Despite not originally being a pub, the interior is brilliant. Split into several levels and rooms, there is plenty of room to eat and drink and the long U shaped bar means its relatively easy to get to. Being on a corner, the large windows provide plenty of natural light.

I always think the world is more interesting when you look up, and the ceilings and light fittings here are a real treat for nerds like me.

Lastly but by no means leastly we take a short stroll to Hope Street and the Pot Still. 

Walking in the door architecture geeks are greeted with a mezzanine floor framed with columns and ornate...ceiling bits. I did take a picture, but it was so blurred I might as well draw you a picture with crayons.
Most importantly though, the bar. What a bar. I'm not a fan of whiskey. Frankly the smell of it turns my stomach. Could this be a result of a bad experience in my youth? Perhaps.
Anyway, even I was in awe of the selection of whiskies here. The barman informed us that there were over 500 single malts available. So many, the bar staff have to use a ladder like an old fashioned library to get to some

Something I learned at the Pot Still was that there are no double malts, they're called blends. Everyday is a school day.

Beer wise the Harviestoun Grizzly, a fruity dark number was in good nick and there is a good selection of bottled beers available.

So there we have it Just three of the many pubs in Glasgow centre, all within a few minutes walk of each other. To be honest, it looks like it's difficult to stray more than half a mile from a railway station in Glasgow, so you've really no excuse to not explore this great city.

Find out more:
Glasgow Queen Street Station
The Horse Shoe Bar
The Horse Shoe Bar (unofficial)
CAMRA Historic Pub Interiors 
Historic Scotland
Drum & Monkey
The Pot Still
Glasgow CAMRA

Tuesday, 14 May 2013


My job drags me around the country. Now it would be easy to sit in the hotel and mope about all that I'm missing at home, which is why I often do. Sometimes though, I realise that I've actually got a pretty good opportunity to go somewhere different and do just that. Which is why we start in Anniesland.

Anniesland is a curious suburb of Glasgow. One side of the Great Western (no, not that one) Road is lined with opulent Victorian mansions, all gates and driveways. The other side is a very normal 1960s housing estate, an interesting contrast. 
At it's northern end, the Great Western Road is crossed by one of the North British Railway's former lines. Opened in 1874 as Great Western Road, Anniesland has enjoyed a steady increase in passenger numbers over the last few years and is very well served by ScotRail services, making a jaunt into Glasgow a doddle.

Not an attractive station in the traditional sense, but tidy and functional nonetheless.

As you leave the station via the pretty much invisible street level exit, you'll be greeted by the sight of the Esquire House.
According to Mr Wetherspoon, the pub was built in 1962 (I know, stop!) and joined his empire in 2001. By all accounts, the previous gaff was an interesting establishment, with all the excitement of a downstairs bar.

This is one of few Wetherspoon pubs that I've seen with Sky Sports, which makes a nice change from the usual 24 hour bloody news channels that you find on (WHY?!). It also is listed in the 2013 CAMRA Good Beer Guide and has Cask Marque accreditation. 

Once through the door, you'll find something slightly alien to many other Spoon's. Daylight. The massive windows shown in the picture light the place up a treat. Whilst this might take away some of the 'pubbiness' of the place, it's certainly nice as the days get longer.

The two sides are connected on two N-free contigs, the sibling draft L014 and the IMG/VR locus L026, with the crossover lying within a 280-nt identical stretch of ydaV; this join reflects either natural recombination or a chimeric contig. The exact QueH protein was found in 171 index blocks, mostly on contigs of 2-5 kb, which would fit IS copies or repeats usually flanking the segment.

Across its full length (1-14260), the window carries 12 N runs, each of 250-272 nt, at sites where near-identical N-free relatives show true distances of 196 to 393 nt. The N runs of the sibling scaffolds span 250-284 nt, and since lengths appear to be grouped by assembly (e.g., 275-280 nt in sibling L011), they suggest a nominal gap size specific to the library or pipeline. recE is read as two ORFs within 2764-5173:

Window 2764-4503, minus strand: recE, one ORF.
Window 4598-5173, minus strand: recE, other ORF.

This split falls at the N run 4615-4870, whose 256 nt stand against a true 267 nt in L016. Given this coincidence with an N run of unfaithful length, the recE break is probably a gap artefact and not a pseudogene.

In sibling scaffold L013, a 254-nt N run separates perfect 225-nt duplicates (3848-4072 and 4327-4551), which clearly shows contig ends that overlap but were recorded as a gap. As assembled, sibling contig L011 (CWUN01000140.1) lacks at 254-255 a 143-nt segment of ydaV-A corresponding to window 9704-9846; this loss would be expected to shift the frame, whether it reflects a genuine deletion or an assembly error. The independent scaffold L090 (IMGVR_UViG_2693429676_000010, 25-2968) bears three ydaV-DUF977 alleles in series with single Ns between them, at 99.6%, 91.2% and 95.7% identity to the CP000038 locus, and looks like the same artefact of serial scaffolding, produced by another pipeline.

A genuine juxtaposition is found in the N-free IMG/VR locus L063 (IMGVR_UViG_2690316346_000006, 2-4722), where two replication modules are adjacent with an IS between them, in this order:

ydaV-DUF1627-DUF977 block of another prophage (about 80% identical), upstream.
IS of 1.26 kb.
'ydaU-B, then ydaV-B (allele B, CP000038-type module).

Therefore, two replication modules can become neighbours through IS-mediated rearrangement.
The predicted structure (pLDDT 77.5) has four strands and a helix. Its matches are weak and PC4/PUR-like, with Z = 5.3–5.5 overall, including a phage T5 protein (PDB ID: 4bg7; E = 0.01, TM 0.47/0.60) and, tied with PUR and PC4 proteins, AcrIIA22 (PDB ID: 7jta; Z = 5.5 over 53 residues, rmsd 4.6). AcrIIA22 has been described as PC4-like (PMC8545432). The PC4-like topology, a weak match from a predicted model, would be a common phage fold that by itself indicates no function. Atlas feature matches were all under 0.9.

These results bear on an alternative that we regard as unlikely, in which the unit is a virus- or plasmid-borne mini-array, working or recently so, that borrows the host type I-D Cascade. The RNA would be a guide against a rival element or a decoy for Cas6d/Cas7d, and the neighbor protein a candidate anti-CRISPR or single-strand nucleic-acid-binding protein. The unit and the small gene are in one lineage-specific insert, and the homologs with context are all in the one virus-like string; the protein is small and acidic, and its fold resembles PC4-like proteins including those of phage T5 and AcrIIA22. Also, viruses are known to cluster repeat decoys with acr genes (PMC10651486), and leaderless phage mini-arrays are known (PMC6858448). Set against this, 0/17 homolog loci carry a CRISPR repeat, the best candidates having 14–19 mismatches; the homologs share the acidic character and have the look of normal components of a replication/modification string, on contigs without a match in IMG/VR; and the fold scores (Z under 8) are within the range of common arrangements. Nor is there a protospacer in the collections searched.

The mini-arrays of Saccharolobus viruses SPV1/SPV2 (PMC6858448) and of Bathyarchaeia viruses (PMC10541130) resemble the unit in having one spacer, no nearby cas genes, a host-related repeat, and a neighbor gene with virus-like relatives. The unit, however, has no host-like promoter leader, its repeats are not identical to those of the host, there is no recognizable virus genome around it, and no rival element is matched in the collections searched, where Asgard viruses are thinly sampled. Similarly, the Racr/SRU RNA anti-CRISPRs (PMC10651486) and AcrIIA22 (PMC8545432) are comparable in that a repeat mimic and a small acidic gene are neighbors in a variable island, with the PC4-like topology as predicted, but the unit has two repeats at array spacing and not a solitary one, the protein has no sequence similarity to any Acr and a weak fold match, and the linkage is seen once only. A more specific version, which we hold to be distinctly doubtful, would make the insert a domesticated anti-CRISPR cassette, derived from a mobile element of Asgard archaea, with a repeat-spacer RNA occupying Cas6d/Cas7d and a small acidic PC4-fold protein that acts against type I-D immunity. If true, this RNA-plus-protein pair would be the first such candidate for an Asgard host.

As is often the case, there are two rows of hand pumps on the bar, cunningly located at either end of the long bar. The one nearest the door has a handy blackboard advertising what's on, which does save the slightly embarrassing head bobs required to see the pump clips through the crowds,

As it had a recommendation from my mate Stuey, who hailing from St. Andrews is practically local, pints of  Houston Killellan were duly ordered. Bath Ales Special Pale Ale and Traditional Scottish Ales Sporran Warmer soon followed. All three were in great condition, the Killellan being my personal fav. Looking at their website it seems this small brewery have national distribution, so keep a weather eye.

Something unique to Scottish Wetherspoon pubs is the little Scottish Classics section on the menu of usual stuff. 
Indeed I was so intrigued I tried to order some, but they didn't have any. So that was that.

Judging by this natty little display, the Esquire House enjoys a good relationship with the local CAMRA crew.

A nice touch advertising Scottish breweries and CAMRA campaigns. Little things.

A good quality Wetherspoon pub opposite a frequently served station within a mile of a hospital. Ideal.

Drink responsibly.

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What We're All About.


Would you like some context?

There can be no doubt that the world of beer is enjoying a new golden age. According to CAMRA, there are now more than 1000 breweries in the UK, the highest number in 70 years no less. Craft beers (please take any disagreements outside) are windmilling their way to prominence, with plenty of micro, even nano keg breweries coming into the fold.
Whilst this is no doubt great for the world of beer, these nice statistics aren't mirrored in the pub game. The British Beer and Pubs association say that of 2011, there were 50,395 pubs in our fair isles. In 2010 there were 51,178. Frightening.

This country enjoys a love hate relationship with its railways. For every misty eyed steam buff there are probably 1000 enraged commuters, swearing and screaming at terrified station staff. Good old Michael Portillo tries, but I've not seen him covering London Paddington to Reading on a Tuesday night yet and I suspect he won't. 

The overriding fact however is railways can be used to get to pubs where beer can be purchased and consumed.

Most folk would agree that we all enjoy a pub. A fair few would appreciate a few pints of decent beer in one of these pubs. Some might even mutter vaguely about an interest in railways. Now imagine putting all 3 of those into 1. Now imagine one of those people dragging mates around traveling on trains to pubs to drink beer!

And there we have it dear reader, context!

Also might do canals and rivers too.